One of the biggest attractions of this year's Olomouc Baroque Festival was the performance of the oratorio David by the Austrian composer Karl Ditters. It was the perfect opportunity to do so, after all – this year the work celebrates 250 years since its creation. Ditters composed the oratorio to a text by Ignazio Pinto in 1771 and in the same year it had its premiere at the castle of Bishop Philipp Gotthard Schaffgotsch of Wrocław on the Jánský Vrch (John´s Hill) near Javorník. In the musical production of violinist and artistic director of Volantes Orchestra Veronika Manová and conductor Ema Mikešová the oratorio was first performed in concert in Brno at the Church of St. Johns (4 August), then on 7 August in Podzámecká zahrada – a garden of the Archbishop’s Chateau in Kroměříž, and, finally, on 12–14 August in the Ambit and Basilica of the Visitation of the Virgin Mary on the Svatý Kopeček (Holy Hill) near Olomouc. The event of 12 August was the performance I visited. In addition to Volantes Orchestra, there were members of other ensembles – Arte dei Suonatori (PL), Il Cuore Barocco (SK), Musica Aeterna (HU) and Societas Incognitorum (CZ). In this aspect, this is another event from the series of concerts organised under the auspices of the festival which bring together musical ensembles from the Visegrad Four. However, there are also performers from other countries – Slovenia, Northern Macedonia and Great Britain. The solo roles were performed by: Doubravka Součková (David), Aco Bišćević (Saul, King of Israel), Helena Hozová (Jonathan, son of Saul), Jiří Miroslav Procházka (Abner, warlord) and Aneta Petrasová (Eliab, David’s brother). The concert was directed by Rocc; the choreography was designed by Sanja Nešković Peršin and costumes were rendered by Borjan Litovski.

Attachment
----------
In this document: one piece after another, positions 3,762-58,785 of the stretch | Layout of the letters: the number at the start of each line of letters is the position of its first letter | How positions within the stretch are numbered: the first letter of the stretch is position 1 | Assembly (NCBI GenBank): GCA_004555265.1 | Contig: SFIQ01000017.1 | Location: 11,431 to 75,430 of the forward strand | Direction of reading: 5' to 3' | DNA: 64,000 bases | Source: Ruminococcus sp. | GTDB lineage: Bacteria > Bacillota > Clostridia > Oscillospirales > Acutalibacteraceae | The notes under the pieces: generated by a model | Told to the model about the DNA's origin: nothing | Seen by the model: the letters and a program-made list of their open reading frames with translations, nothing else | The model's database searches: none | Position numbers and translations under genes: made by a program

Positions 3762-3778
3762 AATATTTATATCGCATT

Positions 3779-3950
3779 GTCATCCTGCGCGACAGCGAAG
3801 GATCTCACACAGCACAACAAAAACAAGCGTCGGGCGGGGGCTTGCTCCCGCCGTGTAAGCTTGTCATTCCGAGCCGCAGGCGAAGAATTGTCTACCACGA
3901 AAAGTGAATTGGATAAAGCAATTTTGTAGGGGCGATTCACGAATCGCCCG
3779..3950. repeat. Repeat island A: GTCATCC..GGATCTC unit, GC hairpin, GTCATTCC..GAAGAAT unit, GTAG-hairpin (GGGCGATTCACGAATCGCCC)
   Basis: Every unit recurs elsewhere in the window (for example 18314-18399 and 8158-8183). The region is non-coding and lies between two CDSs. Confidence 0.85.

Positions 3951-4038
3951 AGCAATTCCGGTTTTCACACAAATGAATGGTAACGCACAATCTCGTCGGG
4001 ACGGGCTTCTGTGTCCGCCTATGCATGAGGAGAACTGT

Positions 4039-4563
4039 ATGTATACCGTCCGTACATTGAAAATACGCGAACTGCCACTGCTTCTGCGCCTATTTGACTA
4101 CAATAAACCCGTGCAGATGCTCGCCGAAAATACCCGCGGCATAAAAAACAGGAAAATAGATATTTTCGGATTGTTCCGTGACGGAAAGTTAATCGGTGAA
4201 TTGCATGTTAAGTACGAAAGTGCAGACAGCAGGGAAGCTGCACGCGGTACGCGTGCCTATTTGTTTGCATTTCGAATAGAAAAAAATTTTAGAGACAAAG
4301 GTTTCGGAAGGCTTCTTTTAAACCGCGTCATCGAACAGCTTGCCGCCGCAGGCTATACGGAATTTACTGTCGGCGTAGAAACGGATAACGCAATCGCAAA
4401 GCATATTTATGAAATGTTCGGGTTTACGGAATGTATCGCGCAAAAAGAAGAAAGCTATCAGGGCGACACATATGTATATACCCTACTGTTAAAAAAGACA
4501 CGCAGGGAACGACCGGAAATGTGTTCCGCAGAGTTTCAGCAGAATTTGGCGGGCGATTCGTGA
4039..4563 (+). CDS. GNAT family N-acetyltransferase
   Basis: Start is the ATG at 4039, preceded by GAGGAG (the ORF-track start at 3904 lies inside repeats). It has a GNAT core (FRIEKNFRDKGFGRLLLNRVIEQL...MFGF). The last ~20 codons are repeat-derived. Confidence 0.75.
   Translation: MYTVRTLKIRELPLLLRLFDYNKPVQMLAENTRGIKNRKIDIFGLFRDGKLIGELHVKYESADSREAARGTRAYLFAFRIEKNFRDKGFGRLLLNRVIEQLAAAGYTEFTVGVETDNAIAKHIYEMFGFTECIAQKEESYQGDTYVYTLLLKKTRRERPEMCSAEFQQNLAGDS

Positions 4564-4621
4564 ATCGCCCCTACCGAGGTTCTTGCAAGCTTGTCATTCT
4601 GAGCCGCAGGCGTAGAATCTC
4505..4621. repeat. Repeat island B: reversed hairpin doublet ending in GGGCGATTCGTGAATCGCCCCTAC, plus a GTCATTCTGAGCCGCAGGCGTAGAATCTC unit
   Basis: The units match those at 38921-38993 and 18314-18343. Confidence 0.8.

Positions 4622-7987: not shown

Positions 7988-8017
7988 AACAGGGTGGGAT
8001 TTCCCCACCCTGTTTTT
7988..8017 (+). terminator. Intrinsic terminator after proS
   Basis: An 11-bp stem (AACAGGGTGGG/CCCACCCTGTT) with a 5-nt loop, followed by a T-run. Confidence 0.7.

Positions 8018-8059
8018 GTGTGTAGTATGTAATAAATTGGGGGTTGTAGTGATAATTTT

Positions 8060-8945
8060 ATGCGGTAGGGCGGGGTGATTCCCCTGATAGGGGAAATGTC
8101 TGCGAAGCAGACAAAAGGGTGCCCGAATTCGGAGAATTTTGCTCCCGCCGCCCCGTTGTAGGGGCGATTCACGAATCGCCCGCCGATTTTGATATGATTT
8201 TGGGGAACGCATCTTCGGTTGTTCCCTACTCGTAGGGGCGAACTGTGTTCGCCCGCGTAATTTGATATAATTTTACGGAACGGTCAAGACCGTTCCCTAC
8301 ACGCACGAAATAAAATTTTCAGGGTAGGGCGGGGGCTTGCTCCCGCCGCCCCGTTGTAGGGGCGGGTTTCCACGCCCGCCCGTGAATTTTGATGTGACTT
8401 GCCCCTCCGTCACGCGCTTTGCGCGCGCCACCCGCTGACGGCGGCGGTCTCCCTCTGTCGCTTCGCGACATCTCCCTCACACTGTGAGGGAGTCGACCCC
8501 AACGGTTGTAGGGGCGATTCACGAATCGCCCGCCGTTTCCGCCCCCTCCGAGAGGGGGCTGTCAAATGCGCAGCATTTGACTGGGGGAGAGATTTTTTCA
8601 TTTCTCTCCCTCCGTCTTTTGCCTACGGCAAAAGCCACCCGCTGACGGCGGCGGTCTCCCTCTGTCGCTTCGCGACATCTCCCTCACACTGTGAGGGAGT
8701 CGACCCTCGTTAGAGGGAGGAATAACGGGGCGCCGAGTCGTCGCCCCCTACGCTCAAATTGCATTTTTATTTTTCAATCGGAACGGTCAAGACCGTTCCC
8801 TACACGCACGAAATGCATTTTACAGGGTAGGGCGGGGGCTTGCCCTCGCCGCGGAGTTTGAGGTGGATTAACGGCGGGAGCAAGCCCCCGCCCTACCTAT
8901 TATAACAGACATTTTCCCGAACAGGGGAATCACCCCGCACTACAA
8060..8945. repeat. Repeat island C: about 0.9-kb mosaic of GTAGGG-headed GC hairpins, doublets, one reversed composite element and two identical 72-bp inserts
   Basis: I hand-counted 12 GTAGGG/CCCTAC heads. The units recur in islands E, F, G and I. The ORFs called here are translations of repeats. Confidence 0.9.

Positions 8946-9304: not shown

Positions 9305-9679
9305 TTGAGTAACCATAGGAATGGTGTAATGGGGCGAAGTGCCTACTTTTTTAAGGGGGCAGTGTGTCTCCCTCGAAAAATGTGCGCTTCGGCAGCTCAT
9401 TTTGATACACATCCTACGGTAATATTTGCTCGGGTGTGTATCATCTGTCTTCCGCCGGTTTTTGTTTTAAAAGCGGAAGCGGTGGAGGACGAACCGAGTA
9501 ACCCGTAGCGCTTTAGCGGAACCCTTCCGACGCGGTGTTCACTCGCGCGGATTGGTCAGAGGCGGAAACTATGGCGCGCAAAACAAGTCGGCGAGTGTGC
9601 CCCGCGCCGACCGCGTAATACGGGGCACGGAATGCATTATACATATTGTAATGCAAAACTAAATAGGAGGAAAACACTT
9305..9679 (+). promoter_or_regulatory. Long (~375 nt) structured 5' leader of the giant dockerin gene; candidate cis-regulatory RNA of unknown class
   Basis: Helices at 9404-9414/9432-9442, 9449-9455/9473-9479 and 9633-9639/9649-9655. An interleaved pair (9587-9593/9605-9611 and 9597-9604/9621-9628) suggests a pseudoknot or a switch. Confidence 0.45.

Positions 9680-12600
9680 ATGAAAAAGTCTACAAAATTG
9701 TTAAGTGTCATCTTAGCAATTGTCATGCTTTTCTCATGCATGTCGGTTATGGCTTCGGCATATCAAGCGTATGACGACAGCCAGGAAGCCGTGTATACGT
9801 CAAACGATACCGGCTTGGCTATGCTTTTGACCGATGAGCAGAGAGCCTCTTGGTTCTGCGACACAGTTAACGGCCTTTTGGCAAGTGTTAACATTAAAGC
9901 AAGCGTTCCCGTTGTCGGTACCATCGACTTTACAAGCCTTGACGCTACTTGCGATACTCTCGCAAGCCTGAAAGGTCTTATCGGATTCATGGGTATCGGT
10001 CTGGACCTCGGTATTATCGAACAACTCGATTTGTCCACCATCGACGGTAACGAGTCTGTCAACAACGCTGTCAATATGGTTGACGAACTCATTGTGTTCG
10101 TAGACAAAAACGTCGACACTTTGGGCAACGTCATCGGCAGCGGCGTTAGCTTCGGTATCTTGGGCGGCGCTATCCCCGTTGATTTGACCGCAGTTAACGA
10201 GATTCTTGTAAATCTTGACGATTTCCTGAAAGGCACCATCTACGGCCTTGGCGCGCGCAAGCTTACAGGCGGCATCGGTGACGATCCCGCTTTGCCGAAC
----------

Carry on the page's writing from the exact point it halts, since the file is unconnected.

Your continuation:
Ditters’ oratorio tells the story of the young shepherd and future king David and his battle with the giant Goliath, David's friend Jonathan, the king's son, and the royal father Saul himself. The Old Testament narrative of unbreakable faith and courage in the face of a seemingly invincible adversary is eternally relevant in its message and resonates especially strongly in times of adversity or oppression. (After all, Voskovec and Werich also used the story of the colossal disparity of forces to highlight the dangerous – and ultimately unfortunate – political situation of the 1930s.) But as Thursday night proved, even without the looming threat of war, David's battle with the giant Goliath can be a thrilling experience.